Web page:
B: In the Pacific Northwest of the USA where I’m at, which a lot of it was built on white supremacy, we had a huge skinhead problem in the late 80s/early 90s, and I remember young men dying and going to prison. Now we’ve got this next set generation coming out; while the West Coast can be very liberal as far as a lot of things go, I’ve had no illusions about the bigots in the closet. That said, I’m still white and still have blind spots where I can be ignorant. One thing I’d like to ask specifically about having this asshole in the office (President Trump of USA) is that now all of these wolves in sheep’s clothing are showing their true colors. We can see them now, and they can’t hide now. Once they out themselves as being bigots, there’s no going back. Is that at all a silver lining?

C: No. Now it’s even more dangerous if you’re a person of color or if you’re LGBTQIA+. If you’re anything other than white, life in America has become as dangerous for you now as it was in the 50s and 60s. I believe that 45 has made it difficult to be a person of color, to be queer, to be trans, to be Hispanic, to be anything other than white male Christian or female Christian. If you’re anything outside that scope, you are fucked in America right now.

We were beforehand, like females and, in particular, people of color, but we said we weren’t; we said we weren’t because you couldn’t see it like you can see it now. You ALL can see it now. I always knew when someone was being prejudiced to me or when someone had institutionalized prejudice and didn’t realize that they did by the way they treated me. If you are “other,” you always knew. I wasn’t in fear of my life in the last decade. Now?? Everyone is.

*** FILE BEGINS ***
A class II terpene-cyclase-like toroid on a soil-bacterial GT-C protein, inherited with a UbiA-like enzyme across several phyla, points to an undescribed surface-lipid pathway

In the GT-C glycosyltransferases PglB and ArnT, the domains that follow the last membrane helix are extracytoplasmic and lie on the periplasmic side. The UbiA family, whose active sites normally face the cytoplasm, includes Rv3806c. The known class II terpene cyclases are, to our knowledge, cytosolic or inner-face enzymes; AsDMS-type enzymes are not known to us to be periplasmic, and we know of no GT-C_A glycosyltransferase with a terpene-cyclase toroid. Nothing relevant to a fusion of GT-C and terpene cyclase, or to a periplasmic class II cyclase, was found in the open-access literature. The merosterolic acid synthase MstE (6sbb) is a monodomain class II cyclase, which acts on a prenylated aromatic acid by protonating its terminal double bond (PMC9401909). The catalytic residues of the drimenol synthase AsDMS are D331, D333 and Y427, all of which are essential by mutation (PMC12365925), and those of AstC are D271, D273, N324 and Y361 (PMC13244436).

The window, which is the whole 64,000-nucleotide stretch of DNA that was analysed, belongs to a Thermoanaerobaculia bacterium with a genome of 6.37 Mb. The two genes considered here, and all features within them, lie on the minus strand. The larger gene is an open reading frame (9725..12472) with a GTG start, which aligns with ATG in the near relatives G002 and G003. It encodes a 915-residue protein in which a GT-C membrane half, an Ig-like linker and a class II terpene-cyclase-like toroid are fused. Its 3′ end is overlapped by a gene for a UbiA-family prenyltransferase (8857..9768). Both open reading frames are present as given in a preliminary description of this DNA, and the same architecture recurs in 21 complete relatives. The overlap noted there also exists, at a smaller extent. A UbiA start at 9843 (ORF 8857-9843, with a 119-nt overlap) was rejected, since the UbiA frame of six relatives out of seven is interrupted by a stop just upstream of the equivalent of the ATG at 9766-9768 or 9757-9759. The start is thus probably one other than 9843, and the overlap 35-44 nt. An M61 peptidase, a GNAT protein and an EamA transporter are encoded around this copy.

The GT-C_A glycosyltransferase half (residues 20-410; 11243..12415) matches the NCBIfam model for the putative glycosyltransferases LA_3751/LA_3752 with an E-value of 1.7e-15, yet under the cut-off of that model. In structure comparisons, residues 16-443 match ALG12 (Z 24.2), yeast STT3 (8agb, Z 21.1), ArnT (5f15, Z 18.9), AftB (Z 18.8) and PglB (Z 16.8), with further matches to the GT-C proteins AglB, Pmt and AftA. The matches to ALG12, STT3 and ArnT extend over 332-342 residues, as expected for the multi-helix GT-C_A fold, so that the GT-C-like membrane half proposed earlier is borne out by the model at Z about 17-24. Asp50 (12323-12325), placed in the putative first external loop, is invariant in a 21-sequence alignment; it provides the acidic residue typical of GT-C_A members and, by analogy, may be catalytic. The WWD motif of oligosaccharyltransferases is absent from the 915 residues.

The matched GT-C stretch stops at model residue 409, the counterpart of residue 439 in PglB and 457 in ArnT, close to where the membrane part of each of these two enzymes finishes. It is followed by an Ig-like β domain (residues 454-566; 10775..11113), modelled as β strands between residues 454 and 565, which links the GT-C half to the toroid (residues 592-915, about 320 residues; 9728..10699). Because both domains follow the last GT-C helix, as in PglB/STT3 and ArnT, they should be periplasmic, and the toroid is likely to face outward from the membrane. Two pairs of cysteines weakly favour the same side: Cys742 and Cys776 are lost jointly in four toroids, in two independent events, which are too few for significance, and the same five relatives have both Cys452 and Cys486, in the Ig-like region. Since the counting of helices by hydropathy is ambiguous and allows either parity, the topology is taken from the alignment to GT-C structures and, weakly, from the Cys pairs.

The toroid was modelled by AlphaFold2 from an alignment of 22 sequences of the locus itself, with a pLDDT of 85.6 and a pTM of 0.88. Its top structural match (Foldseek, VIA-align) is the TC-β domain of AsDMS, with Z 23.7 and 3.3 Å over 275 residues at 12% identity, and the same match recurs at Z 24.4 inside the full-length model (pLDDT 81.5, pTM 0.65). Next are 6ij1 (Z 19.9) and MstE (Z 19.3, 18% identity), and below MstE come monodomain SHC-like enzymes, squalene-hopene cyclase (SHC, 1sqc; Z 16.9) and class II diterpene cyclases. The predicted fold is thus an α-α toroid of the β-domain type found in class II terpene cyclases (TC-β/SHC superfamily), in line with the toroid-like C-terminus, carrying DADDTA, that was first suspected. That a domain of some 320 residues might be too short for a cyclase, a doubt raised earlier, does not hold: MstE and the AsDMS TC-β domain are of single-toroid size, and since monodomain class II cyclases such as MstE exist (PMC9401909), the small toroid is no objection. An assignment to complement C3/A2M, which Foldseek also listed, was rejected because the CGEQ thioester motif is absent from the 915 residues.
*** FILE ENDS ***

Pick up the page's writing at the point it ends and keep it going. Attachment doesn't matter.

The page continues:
(At this point, Carolyn’s voice is starting to crack. I add this note because like we state above, there’s no cadence in text. Often in these interviews, I tell you when we’re being cheeky or laughing, but to end 2019, I want you to know how important this interview is for us all. I want you to know this line of dialog was HARD. I want you to know my asking this of Carolyn, and Carolyn answering was painful for her. Everyday tensions and violent occurrences are wearing on our fellow humans. Elections are still not being taken seriously. We saw the UK votes this year, and US presidential elections are in 2020. We must have our eyes open. While this isn’t at all BIPOC’s work to do, Carolyn gave us her time. Please respect it.)

B: I’m sorry. I want to get this out there because it’s important those of us with white privilege to see what it really is like. For some reason, many still just won’t believe it.